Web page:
Explaining Water Resistance

June 1999


Explaining Water Resistance

Know the terms before you test or repair. Your customer will appreciate it

By David Christianson
Certified Master Watchmaker

When customers ask about "waterproof" watches, perhaps a quick lesson in terminology is in order. If you can explain the terms related to water resistance in timepieces, you'll add to your credibility and your ability to retain customers. First, explain to customers "water resistance" not "waterproof" is the correct term to use. The Federal Trade Commission Guides are clear on what terms to use and what they mean. Here's are some guidelines on the main categories: non-water resistant cases, water resistant cases and diver cases.

Non-Water Resistant Cases
These are mostly dress watches made with thin gaskets that provide only minimal moisture protection. Some do include plastic or metal shields around the stem to prevent dust from entering. But water will penetrate.

Identification: If there's no mention of water resistance anywhere on the back of the case, it's not water resistant.

Use limits: These cases will resist everyday dust, humid August days or an accidental splatter in the kitchen sink. But avoid prolonged exposure to steam from boiling water while cooking or any extended full water exposure. No swimming or bathing while wearing the watch.

Water-Resistant Cases
The case or dial will say "water resistant" for the minimum classification. When this is accompanied by a number, it indicates the depth below sea level and accompanying pressure the watch can withstand when new. Look for an ATM (atmospheres) marking or the term "water resistant" combined with a figure of, say, 50 meters (5 ATM). For customers unaccustomed to the metric system, multiply the number of meters by 3.3 to get feet (50 meters X 3.3 = 165 feet). The rating is determined by a testing device when all the gaskets are fresh.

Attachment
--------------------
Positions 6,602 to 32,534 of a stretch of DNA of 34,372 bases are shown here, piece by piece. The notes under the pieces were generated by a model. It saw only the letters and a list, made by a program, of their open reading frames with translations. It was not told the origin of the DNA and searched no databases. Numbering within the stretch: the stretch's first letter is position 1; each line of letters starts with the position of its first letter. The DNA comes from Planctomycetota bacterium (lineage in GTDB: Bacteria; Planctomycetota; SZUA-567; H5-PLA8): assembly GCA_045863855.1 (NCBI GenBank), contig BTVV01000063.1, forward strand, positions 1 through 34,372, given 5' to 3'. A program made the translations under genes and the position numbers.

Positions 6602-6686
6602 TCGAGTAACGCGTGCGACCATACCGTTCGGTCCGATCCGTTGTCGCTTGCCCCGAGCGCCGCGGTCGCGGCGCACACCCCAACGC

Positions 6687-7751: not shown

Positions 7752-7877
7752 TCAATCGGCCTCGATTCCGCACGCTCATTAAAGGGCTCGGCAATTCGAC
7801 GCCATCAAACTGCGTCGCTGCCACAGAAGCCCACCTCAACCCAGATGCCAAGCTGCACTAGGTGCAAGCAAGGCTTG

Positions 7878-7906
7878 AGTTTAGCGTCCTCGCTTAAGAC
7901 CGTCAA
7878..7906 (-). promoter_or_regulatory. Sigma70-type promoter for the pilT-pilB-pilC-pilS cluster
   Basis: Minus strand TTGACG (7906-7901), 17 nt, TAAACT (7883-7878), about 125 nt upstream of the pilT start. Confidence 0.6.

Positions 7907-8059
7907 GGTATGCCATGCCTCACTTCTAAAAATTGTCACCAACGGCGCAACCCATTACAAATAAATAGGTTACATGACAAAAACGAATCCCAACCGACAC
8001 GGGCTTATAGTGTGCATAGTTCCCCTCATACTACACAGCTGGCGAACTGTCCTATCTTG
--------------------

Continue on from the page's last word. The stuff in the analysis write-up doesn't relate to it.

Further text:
Use Limits (see table at bottom): Because a person doesn't normally replace or test the watch gasket annually, recommend buying a watch rated to withstand the most extreme condition the wearer will likely encounter.

Frequent swimmers may consider at least a 100-meter watch; casual swimmers may do fine with a 50-meter watch.

Frequent use during sports would likely require at least a 100-meter rating to keep out perspiration.

Professional Diver Case
These cases are rated at 300 meters or greater and have heavy gaskets and crystals intended for use at scuba depths.

Use Limits: Few. If your customer is a serious diver, suggest he or she bring the watch in for an annual pressure test and/or gasket replacement to be sure the heavy gaskets are tight and don't leak.

General Precautions
With any water-resistant watch, remind customers not to operate the crown or push buttons while underwater. Also remind them to dry the case before setting the watch.

If the crown is a screw-down or locking type, tell them to be sure it's in place before diving or swimming. Also note that chemical solvents can penetrate many water-resistant cases. If these are nearby, they may affect the water resistance of the watch.

Next month: Checking water damage.

David A. Christianson owns Christianson Jewelry, Kendallville, IN, and is president of the American Watchmakers-Clockmakers Institute, a certified master watchmaker and a fellow of the British Horological Society. He discusses watch repair for the sales staff in this column each month. Please send questions, suggestions and comments toProfessional Jeweler,1500 Walnut St., Suite 1200, Philadelphia, PA 19102; askus@professionaljeweler.com.


Copyright © 1999 by Bond Communications.


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